Currents News Staff
Fame has a totally different price in Afghanistan. Meet Murtaza, aged 7.
His bid to emulate his football idol, Lionel Messi, with a plastic bag as a football shirt and a handwritten number 10, went viral over two years ago.
He got this signed shirt, and even met the Argentinian star in Qatar.
But this is a story of unintended consequences, and how celebrity in Afghanistan doesn’t mean paparazzi or footballer’s wives.
But threats, and fleeing your home in the night.
Soon after Murtaza’s fame, the Taliban attacked their village.
“The Taliban were killing our relatives HE SAYS and they were searching houses.They ‘d stop cars and kill their passengers, searching houses and killing people. I told my mother to take me … somewhere else.We weren’t allowed to play football by the Taliban or even go out of the house. We used to hear the sound of heavy machine guns, and Kalashinkovs, and rockets at home. We also heard people screaming. Then my mother decided to bring me here,” said Murtaza Ahmadi.
His father took them to a nearby city, but had to stay behind to fight.
“The last time I saw my father HE SAYS was on the first day we came here. Then he went back, and I haven’t seen him since then. I miss him so much. When he calls my mother I also talk to him,” he said.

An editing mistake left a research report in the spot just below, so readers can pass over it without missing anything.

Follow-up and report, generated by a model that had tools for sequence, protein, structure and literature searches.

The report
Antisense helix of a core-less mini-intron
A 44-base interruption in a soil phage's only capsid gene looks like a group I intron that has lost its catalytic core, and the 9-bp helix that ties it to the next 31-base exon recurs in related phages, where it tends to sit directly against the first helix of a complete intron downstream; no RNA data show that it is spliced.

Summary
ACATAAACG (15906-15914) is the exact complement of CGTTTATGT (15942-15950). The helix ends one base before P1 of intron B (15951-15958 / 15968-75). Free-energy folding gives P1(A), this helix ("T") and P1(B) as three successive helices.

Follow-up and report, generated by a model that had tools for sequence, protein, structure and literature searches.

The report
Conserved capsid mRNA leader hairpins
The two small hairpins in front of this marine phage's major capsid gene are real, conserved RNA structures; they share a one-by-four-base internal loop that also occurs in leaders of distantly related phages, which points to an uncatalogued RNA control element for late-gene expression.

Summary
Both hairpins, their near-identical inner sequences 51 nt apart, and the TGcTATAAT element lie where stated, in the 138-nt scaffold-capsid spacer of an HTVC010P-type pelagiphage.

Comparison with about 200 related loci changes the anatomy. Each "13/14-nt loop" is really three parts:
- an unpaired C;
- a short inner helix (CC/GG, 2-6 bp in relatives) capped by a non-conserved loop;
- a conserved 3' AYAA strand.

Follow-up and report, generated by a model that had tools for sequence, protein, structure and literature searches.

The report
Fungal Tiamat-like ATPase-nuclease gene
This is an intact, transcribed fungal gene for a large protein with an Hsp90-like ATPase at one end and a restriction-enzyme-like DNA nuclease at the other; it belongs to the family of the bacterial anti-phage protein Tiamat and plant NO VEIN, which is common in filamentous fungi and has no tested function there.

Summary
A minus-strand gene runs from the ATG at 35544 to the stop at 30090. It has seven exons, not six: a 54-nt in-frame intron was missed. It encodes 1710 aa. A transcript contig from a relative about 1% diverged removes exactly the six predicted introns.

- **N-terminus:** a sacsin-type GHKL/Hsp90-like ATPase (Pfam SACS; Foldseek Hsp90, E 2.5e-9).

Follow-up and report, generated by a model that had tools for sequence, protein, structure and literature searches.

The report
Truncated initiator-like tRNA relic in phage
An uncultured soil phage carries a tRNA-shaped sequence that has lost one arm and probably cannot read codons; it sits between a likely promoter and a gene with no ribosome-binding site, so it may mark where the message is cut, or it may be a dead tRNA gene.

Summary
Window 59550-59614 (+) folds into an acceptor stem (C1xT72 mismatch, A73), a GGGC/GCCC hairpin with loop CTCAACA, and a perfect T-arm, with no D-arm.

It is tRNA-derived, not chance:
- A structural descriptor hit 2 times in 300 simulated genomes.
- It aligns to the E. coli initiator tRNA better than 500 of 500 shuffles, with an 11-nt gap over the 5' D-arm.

Even here, they live behind closed doors, says his mother Shafiqa.
“It would have been better if Murtaza hadn’t gained fame SHE SAID. He spends all of his time here inside the house. Not only the Taliban, but some other groups also started thinking that Messi might have given him a lot of money. We stopped sending him to school and we were being threatened all the time,” Shafiqa Ahmadi.
She appeals again to messi to help them leave Afghanistan.
But their story is just one in the spotlight, where there are millions of displaced here in the growing darkness.
Murtaza hails from the Hazara minority, often persecuted by the Taliban, and fearful of their ascendance in any peace deal with the Americans.
“In Kabul, I cannot go outside the house HE SAYS My mother doesn’t let me go out. She is afraid. I only play with my friend inside- When I was in my hometown, I couldn’t wear my Messi jersey because I was afraid someone will hurt me. I want to be taken from this country because there is fighting in here. I want to become a football player like Messi and play with Messi,” said Murtaza.
Caught now, like much of the country, in the gap between how much foreigners are willing to do to help, and what Afghans need.